Mixed farming

From Wikipedia, the free encyclopedia
Jump to navigation Jump to search

Mixed farming is a type of farming which involves both the growing of crops and the raising of livestock. This type of farming is practiced across Asia and in countries such as India, Malaysia, Indonesia, Afghanistan, South Africa, China and Russia. Though at first it mainly served domestic consumption, countries such as the United States and Japan now use it for commercial purposes.[1]

The cultivation of crops alongside the rearing of animals for meat or milk defines mixed farming. For example, a mixed farm may grow cereal crops such as wheat or rye and also keep cattle, sheep, pigs or poultry.[2] Often the dung from the cattle is used to fertilize the cereal crops. Before horses were commonly used for haulage, many young male cattle on such farms were often not butchered as surplus for meat but castrated and used as bullocks to haul the cart and the plough.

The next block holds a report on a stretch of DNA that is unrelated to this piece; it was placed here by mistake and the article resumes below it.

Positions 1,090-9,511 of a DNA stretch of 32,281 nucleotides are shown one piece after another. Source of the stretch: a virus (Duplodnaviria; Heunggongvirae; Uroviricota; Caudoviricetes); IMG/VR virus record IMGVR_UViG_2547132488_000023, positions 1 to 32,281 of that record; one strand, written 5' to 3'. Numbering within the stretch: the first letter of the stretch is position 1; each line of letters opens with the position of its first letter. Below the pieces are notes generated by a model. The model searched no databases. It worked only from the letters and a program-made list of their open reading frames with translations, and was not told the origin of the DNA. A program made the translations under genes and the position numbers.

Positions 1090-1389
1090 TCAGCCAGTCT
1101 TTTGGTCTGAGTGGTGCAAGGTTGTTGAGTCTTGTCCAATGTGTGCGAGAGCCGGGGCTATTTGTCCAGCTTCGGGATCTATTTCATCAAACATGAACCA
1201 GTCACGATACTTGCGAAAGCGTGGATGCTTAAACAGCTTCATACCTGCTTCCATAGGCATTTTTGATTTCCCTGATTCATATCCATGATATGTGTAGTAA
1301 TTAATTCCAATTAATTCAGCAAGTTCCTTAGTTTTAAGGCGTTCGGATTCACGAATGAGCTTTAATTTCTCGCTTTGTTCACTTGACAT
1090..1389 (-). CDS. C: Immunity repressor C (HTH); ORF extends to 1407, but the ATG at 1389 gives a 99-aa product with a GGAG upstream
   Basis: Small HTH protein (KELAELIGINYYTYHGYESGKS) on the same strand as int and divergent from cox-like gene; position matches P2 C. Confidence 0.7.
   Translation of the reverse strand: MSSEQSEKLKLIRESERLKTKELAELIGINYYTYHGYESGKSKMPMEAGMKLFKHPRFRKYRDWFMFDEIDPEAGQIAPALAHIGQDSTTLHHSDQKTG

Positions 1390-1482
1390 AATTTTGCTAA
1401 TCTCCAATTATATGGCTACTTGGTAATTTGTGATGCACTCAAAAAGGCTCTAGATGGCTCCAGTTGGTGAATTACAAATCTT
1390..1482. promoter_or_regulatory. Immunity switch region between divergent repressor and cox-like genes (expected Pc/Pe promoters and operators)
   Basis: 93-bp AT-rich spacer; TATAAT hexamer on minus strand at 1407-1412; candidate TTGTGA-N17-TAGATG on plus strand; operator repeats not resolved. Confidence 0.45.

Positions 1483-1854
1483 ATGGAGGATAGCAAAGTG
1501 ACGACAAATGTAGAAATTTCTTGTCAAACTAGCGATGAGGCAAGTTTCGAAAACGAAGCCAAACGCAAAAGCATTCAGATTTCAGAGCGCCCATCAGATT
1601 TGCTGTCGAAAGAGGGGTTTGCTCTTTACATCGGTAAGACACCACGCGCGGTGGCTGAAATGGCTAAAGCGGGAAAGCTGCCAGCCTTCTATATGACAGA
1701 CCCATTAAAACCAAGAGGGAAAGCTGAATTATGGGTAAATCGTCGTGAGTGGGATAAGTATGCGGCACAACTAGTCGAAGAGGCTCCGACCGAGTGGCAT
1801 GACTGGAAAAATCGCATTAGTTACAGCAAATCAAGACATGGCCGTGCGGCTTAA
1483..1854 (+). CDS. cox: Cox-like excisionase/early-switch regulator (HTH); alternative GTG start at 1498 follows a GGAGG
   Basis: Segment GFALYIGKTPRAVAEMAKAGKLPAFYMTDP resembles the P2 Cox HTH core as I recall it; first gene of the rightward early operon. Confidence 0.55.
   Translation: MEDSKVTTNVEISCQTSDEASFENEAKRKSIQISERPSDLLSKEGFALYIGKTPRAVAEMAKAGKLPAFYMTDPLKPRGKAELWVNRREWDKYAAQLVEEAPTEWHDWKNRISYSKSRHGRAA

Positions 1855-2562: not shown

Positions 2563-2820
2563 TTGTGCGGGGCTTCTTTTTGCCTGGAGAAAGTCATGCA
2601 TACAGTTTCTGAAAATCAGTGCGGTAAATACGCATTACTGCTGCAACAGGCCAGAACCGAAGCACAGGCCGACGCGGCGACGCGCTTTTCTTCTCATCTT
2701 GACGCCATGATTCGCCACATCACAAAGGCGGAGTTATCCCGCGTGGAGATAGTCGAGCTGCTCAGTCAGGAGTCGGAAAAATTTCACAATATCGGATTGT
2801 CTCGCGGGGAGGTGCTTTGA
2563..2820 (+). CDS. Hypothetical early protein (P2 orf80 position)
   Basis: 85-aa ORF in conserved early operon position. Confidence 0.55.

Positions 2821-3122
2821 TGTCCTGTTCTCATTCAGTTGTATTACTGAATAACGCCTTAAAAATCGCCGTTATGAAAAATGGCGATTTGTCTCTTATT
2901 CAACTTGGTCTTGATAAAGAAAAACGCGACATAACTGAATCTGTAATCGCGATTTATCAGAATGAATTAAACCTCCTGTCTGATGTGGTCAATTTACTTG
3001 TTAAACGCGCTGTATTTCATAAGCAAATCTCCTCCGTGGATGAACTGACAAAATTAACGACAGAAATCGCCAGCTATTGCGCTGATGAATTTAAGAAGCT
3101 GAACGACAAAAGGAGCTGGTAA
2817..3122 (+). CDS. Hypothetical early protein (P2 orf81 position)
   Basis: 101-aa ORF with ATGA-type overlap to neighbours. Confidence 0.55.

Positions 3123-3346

See also[edit]


  1. ^ Myrdal, Janken; Mats Morell (2011). The Agrarian History of Sweden: From 4000 BC to AD 2000. Nordic Academic Press. p. 265. ISBN 9185509566. Retrieved 25 June 2013.
  2. ^ D. B. Grigg (7 November 1974). The Agricultural Systems of the World: An Evolutionary Approach. Cambridge University Press. p. 152. ISBN 978-0-521-09843-4. Retrieved 2 May 2013.

mixed farming